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What is the association of hypothyroidism with risks of cardiovascular events and mortality? A meta-analysis of 55 cohort studies involving 1,898,314 participants

  • Yu Ning1,
  • Yun J. Cheng2,
  • Li J. Liu2,
  • Jaskanwal D. S. Sara3,
  • Zhi Y. Cao4,
  • Wei P. Zheng5,
  • Tian S. Zhang6,
  • Hui J. Han7,
  • Zhen Y. Yang8,
  • Yi Zhang9,
  • Fei L. Wang3,
  • Rui Y. Pan10,
  • Jie L. Huang11,
  • Ling L. Wu12,
  • Ming Zhang1Email author and
  • Yong X. Wei13Email author
BMC Medicine201715:21

https://doi.org/10.1186/s12916-017-0777-9

Received: 21 August 2016

Accepted: 3 January 2017

Published: 2 February 2017

Abstract

Background

Whether hypothyroidism is an independent risk factor for cardiovascular events is still disputed. We aimed to assess the association between hypothyroidism and risks of cardiovascular events and mortality.

Methods

We searched PubMed and Embase from inception to 29 February 2016. Cohort studies were included with no restriction of hypothyroid states. Priori main outcomes were ischemic heart disease (IHD), cardiac mortality, cardiovascular mortality, and all-cause mortality.

Results

Fifty-five cohort studies involving 1,898,314 participants were identified. Patients with hypothyroidism, compared with euthyroidism, experienced higher risks of IHD (relative risk (RR): 1.13; 95% confidence interval (CI): 1.01–1.26), myocardial infarction (MI) (RR: 1.15; 95% CI: 1.05–1.25), cardiac mortality (RR: 1.96; 95% CI: 1.38–2.80), and all-cause mortality (RR: 1.25; 95% CI: 1.13–1.39); subclinical hypothyroidism (SCH; especially with thyrotropin level ≥10 mIU/L) was also associated with higher risks of IHD and cardiac mortality. Moreover, cardiac patients with hypothyroidism, compared with those with euthyroidism, experienced higher risks of cardiac mortality (RR: 2.22; 95% CI: 1.28–3.83) and all-cause mortality (RR: 1.51; 95% CI: 1.26–1.81).

Conclusions

Hypothyroidism is a risk factor for IHD and cardiac mortality. Hypothyroidism is associated with higher risks of cardiac mortality and all-cause mortality compared with euthyroidism in the general public or in patients with cardiac disease.

Keywords

HypothyroidismCardiovascular eventsMortalityMeta-analysis

Background

Thyroid hormones have wide effects on the body and play an important role in homeostasis of the cardiovascular system [1]. Abnormal thyroid function has health consequences for the general public. Patients with hypothyroidism have an increased risk of cardiovascular abnormalities, such as accelerated atherosclerosis [2].

Whether hypothyroidism (“hypothyroidism” refers to the combination of subclinical hypothyroidism (SCH) and overt hypothyroidism (OHypo) in this article), SCH or OHypo, is an independent risk factor for cardiovascular events or mortality has conflicting opinions. It is also conflicting whether adults with hypothyroidism and preexisting cardiovascular disease might be at particularly high cardiovascular risk [35]. Although there have been meta-analyses and even individual participant data (IPD) meta-analyses on the subject so far [610], they have been restricted to patients with SCH. Moreover, many additional cohort studies have been published since. Therefore, a comprehensive updated meta-analysis is warranted.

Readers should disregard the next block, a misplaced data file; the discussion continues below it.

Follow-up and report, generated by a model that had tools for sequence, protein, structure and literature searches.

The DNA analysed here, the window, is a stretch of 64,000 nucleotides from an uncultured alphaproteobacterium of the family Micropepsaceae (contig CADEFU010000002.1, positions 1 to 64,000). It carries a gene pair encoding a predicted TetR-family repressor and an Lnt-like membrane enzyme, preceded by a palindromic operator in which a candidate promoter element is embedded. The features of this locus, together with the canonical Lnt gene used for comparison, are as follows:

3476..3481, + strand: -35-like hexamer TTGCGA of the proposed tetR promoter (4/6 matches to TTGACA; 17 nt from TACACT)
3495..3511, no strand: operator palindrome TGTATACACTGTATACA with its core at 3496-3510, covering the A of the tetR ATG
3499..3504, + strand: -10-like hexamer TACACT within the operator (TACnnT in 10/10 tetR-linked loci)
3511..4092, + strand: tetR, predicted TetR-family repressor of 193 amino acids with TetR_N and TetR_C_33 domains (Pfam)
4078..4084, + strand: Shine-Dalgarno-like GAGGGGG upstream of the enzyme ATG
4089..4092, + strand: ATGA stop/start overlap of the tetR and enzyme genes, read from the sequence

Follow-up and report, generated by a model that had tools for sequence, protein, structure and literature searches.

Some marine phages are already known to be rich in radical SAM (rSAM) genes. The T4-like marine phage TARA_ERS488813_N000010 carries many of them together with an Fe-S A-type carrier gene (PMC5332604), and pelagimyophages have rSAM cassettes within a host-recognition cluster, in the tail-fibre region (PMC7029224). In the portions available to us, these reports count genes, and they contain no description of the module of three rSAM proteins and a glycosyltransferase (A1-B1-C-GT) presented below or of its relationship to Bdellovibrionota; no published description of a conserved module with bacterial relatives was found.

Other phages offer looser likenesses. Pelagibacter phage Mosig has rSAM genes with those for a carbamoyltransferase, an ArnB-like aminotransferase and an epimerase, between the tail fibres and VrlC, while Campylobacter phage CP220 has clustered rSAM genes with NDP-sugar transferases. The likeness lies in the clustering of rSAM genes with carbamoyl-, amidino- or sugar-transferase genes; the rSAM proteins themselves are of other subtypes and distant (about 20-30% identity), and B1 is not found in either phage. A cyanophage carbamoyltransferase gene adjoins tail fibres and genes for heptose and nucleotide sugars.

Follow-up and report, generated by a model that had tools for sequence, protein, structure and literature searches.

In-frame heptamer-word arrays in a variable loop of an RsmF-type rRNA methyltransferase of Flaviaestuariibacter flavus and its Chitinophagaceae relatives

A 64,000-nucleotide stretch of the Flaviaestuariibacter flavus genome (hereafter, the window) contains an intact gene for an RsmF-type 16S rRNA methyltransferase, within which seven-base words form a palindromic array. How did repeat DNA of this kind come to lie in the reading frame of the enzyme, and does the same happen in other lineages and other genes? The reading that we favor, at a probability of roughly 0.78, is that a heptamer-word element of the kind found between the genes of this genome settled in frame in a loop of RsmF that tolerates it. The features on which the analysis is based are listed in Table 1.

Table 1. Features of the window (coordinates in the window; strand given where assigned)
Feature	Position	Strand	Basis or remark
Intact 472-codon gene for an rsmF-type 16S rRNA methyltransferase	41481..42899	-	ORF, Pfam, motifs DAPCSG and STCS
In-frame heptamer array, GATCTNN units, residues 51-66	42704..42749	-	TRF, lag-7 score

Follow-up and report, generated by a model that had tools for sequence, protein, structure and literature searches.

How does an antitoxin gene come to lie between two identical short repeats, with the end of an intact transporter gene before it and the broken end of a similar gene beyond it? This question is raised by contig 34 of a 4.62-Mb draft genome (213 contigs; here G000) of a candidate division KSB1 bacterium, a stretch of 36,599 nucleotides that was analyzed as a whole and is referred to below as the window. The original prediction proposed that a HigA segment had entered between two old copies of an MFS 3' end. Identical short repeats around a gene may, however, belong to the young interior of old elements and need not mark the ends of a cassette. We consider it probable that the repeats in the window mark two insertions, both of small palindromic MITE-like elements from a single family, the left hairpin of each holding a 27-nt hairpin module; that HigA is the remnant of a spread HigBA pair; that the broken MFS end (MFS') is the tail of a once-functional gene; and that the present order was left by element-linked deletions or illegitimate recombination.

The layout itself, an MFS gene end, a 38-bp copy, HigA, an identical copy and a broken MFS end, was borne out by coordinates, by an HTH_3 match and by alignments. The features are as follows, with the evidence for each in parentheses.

Methods

Search strategy

This meta-analysis follows the Preferred Reporting Items for Systematic Reviews and Meta-Analyses (PRISMA) Checklist (Additional file 1). We searched PubMed and Embase from inception to 29 February 2016, using the following text and key words, both as MeSH terms and text words: hypothyroidism, subclinical hypothyroidism, thyroid diseases, thyroid function, thyroid status, coronary heart diseases, ischemic heart diseases, myocardial infarction, coronary atherosclerosis, cardiovascular diseases, death, mortality, heart failure, stroke, atrial fibrillation, arrhythmia, peripheral artery diseases. We searched articles published in any language and screened references from these studies to identify other relevant studies. YN and YJC performed the literature search independently. Differences were resolved by discussion.

Inclusion criteria

To minimize differences, studies were required (1) to measure thyroid function and follow persons prospectively; to assess ischemic heart disease (IHD), mortality or other cardiovascular events; and to provide risk estimates or sufficient data to calculate risk estimates associated with hypothyroidism compared with euthyroidism; (2) to be cohort studies published as original articles; and (3) to be independent. For multiple publications of the same study design, we included the estimates from the most recent or informative reports.

Data collection and analysis

Data were extracted by one reviewer (YN) and independently checked by another three reviewers (YJC, LJL, and HJH); the data included the first author’s name, publication year, location, female proportion, mean age, mean follow-up years, sample size, study design, study population, number of cardiovascular events and mortality, risk estimates, categories and definitions of hypothyroidism, thyroid treatment, and covariates adjusted for in the multivariable analyses. Primary authors were contacted by email if the study did not provide the data needed. We used the Newcastle-Ottawa scale to evaluate the quality of cohort studies. In the present analyses, we regarded a study awarded a total score of ≥6 as a high-quality study [11].

Hypothyroidism was categorized as SCH and OHypo. Their definitions varied across studies. Generally, SCH was defined as elevated thyroid-stimulating hormone (TSH) levels and normal free tetraiodothyronine (FT4) levels. OHypo was defined as elevated TSH but decreased FT4 levels [5]. In this analysis, hypothyroidism refers to the combination of SCH and OHypo. The primary exposure of interest is hypothyroidism (i.e., participants with an increased TSH level regardless of FT4 level).